What to eat in Hong Kong?
Hong Kong is world-renowned as a culinary capital. Thanks to international influence throughout the region's history, the city's cuisine is a perfect combination of Eastern and Western culture. While the dominant cuisine is Cantonese, delicacies from all over China, wider Asia and Europe come together here, finished off with unique Hong Kong flair. Some of the most iconic dishes are:
- Youtiao: fried dough sticks, similar to a churro.
- Pi dan (century egg): egg preserved in a mixture of quicklime, clay, ash and salt for several weeks or months.
- Dim sum: bite-sized portions of food made from steamed meat, vegetables, seafood and fruit, usually served in a bamboo basket. Typically served as part of yum cha, the Cantonese tradition of brunch.
- Shaomai: steamed dumplings with pork and prawns (part of dim sum).
- Wonton: dumplings with thin skin filled with ground pork.
- Wonton noodles: soup with noodles and wontons.
- Hot pot: a meal based around a simmering pot of soup stock at the dining table which diners dip ingredients into to cook.
- Put chai ko: small, sweet pudding made of sugar and rice flower.
- Cha siu bao: barbecue pork filled bun.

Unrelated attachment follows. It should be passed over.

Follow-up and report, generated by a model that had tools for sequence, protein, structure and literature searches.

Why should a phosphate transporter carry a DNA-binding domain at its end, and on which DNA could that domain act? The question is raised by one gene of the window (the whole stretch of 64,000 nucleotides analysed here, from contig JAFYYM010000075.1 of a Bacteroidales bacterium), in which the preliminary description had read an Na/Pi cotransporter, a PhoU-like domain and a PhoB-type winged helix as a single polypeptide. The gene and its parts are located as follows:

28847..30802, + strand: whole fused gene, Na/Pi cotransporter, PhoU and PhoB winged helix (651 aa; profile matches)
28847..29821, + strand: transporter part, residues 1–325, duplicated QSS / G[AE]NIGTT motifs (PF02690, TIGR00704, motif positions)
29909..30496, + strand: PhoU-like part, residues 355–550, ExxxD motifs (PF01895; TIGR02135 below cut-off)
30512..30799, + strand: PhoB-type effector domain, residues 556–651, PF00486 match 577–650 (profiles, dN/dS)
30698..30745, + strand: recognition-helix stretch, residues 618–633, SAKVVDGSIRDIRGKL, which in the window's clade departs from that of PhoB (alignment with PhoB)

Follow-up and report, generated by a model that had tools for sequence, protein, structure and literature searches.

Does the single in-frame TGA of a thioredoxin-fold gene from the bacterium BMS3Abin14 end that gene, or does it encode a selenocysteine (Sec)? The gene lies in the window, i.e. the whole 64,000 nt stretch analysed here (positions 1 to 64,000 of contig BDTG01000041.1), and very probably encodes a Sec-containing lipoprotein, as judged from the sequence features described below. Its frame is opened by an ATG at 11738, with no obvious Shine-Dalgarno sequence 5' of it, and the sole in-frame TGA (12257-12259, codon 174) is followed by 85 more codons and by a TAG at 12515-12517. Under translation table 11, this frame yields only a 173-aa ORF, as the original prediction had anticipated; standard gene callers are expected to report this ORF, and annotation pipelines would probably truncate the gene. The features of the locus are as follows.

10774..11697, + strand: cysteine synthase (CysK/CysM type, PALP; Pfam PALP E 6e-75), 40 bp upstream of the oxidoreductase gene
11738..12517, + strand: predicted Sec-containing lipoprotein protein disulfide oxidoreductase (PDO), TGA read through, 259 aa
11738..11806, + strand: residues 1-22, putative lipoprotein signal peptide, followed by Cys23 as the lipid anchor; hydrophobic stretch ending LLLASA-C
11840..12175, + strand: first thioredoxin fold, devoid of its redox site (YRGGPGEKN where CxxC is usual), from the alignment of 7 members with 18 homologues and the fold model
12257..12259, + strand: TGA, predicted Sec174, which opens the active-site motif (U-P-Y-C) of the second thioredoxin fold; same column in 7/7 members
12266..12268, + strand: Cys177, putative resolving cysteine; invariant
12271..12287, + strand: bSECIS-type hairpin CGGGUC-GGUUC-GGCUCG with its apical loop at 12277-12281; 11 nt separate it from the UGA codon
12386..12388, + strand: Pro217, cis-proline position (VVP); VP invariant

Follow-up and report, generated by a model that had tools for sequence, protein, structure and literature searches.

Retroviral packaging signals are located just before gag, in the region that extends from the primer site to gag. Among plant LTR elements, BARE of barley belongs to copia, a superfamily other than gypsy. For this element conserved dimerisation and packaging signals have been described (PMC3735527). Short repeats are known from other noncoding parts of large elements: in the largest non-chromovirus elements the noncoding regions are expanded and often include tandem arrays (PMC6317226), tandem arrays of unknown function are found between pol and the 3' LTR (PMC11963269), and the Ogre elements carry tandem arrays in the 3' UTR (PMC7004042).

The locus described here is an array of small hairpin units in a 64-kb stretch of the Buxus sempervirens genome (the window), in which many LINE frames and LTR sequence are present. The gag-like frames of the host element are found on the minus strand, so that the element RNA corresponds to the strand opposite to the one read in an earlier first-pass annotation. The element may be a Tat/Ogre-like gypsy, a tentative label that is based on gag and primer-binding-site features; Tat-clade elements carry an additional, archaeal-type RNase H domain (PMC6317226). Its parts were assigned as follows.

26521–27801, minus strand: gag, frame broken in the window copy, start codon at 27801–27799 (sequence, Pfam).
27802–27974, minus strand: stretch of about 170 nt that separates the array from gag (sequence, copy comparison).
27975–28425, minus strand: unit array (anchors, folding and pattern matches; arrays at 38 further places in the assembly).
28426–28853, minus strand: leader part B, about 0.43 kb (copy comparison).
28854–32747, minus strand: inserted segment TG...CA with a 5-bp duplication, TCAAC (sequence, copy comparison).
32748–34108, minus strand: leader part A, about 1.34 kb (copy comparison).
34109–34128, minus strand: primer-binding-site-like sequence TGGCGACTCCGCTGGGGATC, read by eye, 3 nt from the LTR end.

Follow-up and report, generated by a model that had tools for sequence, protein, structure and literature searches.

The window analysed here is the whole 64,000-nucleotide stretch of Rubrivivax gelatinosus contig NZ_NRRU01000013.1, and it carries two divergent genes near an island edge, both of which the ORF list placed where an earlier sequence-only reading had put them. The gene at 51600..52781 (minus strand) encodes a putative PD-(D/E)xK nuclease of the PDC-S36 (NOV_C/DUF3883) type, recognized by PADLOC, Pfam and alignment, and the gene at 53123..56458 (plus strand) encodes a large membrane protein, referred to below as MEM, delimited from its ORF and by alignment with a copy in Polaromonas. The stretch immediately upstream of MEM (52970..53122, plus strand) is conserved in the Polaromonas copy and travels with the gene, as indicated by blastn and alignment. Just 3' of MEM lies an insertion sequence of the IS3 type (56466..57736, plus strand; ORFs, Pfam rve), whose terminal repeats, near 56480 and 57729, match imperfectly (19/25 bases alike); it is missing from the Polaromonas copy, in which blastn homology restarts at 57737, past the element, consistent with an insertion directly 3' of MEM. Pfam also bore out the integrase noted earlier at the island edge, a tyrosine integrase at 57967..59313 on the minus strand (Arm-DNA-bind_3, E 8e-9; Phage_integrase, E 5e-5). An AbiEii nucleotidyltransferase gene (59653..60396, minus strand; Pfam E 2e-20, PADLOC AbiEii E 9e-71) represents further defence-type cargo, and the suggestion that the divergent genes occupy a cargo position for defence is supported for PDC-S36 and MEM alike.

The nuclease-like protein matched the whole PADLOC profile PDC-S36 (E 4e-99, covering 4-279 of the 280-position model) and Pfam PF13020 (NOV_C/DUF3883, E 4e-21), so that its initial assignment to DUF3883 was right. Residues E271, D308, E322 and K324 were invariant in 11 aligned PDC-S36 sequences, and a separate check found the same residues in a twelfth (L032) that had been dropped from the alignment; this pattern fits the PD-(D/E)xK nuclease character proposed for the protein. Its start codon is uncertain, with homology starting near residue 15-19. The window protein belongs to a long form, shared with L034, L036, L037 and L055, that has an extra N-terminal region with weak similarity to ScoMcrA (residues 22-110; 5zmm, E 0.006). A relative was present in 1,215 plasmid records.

- Congee: thick porridge of rice served with other ingredients like meat and fish.
- Char siu: roasted barbecued spiced pork.
- Peking duck: originally from Beijing, this has become one of the best known Chinese dishes worldwide. It consists of seasoned roast duck served with spring onion, cucumber and sweet sauce with pancakes.
- Buddha's delight: a vegetarian dish made with at least 10 and sometimes up to 35 ingredients.
As in some other countries in Asia, it can be challenging to find vegetarian food, as even vegetable-only dishes have often been cooked in meat stock or seasoned with oyster sauce. If you are strictly vegetarian or vegan, the best bet is to find specific restaurants catering to your needs.
Where to eat in Hong Kong?
Throughout Hong Kong there are countless places to eat suitable for every budget, whether you're looking for a simple bowl of noodle soup for lunch or an extravagant evening meal with harbour views. Restaurants are usually open for lunch from 11 am to 3 pm and for dinner from 6 pm to 11 pm, and experiencing yum cha, the traditional Cantonese brunch which includes dim sum, is highly recommended. Meals are a communal activity and dishes are often designed for sharing, like hot pot.
Restaurants and bars with a view
Whether you're travelling for a celebration, for work or for sightseeing, make sure to spend an evening dining in one of Hong Kong's restaurants and bars with a view. Take a look at some of the best scenic venues in the city.
Street food stalls
Hong Kong, and especially the Kowloon area, is full of street food stalls selling delicacies like wonton noodles and fish ball skewers. Known in Cantonese as dai pai dong, the stalls specialise in cheap everyday food, like congee, rice and noodles and can be found around most markets.
For a unique experience typical of Hong Kong, many people choose to enjoy a meal at one of the floating restaurants in Aberdeen Harbour. The most famous of these is Jumbo Kingdom, the largest floating restaurant in the world and a popular attraction for celebrities and regular tourists alike. You can book your meal at Jumbo Kingdom here.